Downtown referendum appears headed to the ballot | Tim Talk | Tim Hunt | PleasantonWeekly.com |


https://pleasantonweekly.com/blogs/p/print/2018/10/25/downtown-referendum-appears-headed-to-the-ballot


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By Tim Hunt

Downtown referendum appears headed to the ballot

Uploaded: Oct 25, 2018

It’s likely that Livermore residents will have another election next year after backers of the referendum challenging the downtown plan submitted 8,888 signatures.
The Friends of Livermore 2018 needed 5,079 valid signatures to bring the matter back to the City Council for adoption or to put it to a vote.
Backers claim the City Council ignored public input when it approved a plan for the former Lucky’s market site and thus cranked up the referendum campaign. What’s ironic is all five members of the City Council were elected with substantial financial and other backing from the Friends of Livermore and the weekly newspaper, The Independent.
Joan Seppala, owner and publisher of the Independent, and other leaders of the group were unable to convince the council to back their version of the plan. They cranked up the referendum drive and have apparently been successful with the signatures with the help of paid solicitors.
If you think you’ve seen and heard this before—you’re right. Joan readily turns her back and cuts off the finances if council members she backs do not follow her bidding. Exercise independent judgement and there goes Joan’s backing.
Friends of Livermore has operated as political action group and there’s no limit on contributions. The Seppala family and Jean King have poured tens of thousands of dollars into the committee in the last number of years. Contributions from individuals to candidate’s campaign are limited to $250.
Unlike the last several elections, the Friends of Livermore does not have a slate of candidates—in fact it started with none. Presumably because of his willingness to take another look at the downtown plan, council candidate Alan Brent Siler has been endorsed by the Independent—he’s the only candidate the paper is backing. Friends also have cranked up a paid call center to support his campaign.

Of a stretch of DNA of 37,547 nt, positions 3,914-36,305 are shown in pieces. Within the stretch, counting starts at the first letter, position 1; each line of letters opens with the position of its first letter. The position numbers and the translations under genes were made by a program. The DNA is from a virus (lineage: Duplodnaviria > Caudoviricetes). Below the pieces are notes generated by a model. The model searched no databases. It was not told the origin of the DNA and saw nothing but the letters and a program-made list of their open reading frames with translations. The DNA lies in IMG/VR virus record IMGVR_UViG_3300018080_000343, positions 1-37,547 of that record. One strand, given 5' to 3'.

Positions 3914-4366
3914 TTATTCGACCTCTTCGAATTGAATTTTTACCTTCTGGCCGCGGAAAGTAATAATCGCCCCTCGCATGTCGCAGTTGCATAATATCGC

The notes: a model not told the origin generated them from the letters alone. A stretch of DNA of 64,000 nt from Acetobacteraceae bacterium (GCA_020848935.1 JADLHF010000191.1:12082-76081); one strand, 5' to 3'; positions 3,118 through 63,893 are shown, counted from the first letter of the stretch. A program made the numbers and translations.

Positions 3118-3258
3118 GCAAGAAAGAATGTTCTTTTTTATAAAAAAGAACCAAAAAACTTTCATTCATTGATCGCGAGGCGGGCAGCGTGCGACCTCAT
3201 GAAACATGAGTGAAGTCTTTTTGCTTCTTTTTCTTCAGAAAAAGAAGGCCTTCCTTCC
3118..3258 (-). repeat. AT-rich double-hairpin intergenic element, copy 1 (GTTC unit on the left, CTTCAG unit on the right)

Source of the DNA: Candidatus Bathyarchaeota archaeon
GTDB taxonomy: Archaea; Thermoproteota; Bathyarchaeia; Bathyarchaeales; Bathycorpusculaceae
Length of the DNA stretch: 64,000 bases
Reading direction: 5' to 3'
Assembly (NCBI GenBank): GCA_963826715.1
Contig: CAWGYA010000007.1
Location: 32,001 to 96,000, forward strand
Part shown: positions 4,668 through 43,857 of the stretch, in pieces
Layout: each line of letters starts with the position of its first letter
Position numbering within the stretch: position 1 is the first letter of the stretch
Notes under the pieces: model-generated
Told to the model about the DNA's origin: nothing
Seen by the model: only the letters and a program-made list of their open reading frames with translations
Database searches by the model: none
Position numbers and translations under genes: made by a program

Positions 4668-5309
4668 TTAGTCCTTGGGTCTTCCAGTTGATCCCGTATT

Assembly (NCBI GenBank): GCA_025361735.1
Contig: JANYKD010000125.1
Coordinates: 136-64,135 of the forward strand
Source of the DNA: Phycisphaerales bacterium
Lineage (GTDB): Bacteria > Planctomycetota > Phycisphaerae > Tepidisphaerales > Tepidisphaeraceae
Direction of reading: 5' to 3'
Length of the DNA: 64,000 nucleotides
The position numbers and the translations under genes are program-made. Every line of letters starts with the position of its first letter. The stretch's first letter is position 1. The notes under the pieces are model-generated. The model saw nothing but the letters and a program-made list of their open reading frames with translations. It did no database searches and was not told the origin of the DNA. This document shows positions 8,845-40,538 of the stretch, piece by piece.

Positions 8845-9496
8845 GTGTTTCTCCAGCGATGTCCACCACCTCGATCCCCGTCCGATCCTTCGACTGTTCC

That lasted until this week's edition when the paper rescinded its endorsement based upon comments he had made online (see below).
Instead, they have reached out to Rosemary Bartch who has not been running an active campaign. She did not participate in the Pleasanton Weekly's forum and said at the time she had withdrawn.
This week's Independent contained an interview (she wasn't included in earlier coverage because of her inactive campaign) plus an editorial recommending her.
Councilman Bob Woerner, who was backed by the friends last time, is on the outs and the paper decided not to recommend either Patricia Munro or Neal Pann.
For his part, Siler wanted none of the friends’ help and has a big disclaimer on his website pointing out that he did not ask for their help. He did seek and receive an endorsement from the Sierra Club. What’s unusual is that Siler is funding his own campaign and has chosen not to try and organize a support committee. He’s distributing his own signs he wrote in an email. He wrote he did accept an invitation from a couple of people for a meet-and-greet.
Siler’s candidacy came in for some criticism recently when council candidate Munro released a NextDoor web post exchange she had with him in February. She, with two colleagues, had organized a series of conversations to help people with different viewpoints sit down and discuss them. It was sponsored by Organizing for America—East Bay, the non-profit that was established in 2013 after Obama for America helped President Obama win re-election. It’s led by his former campaign manager.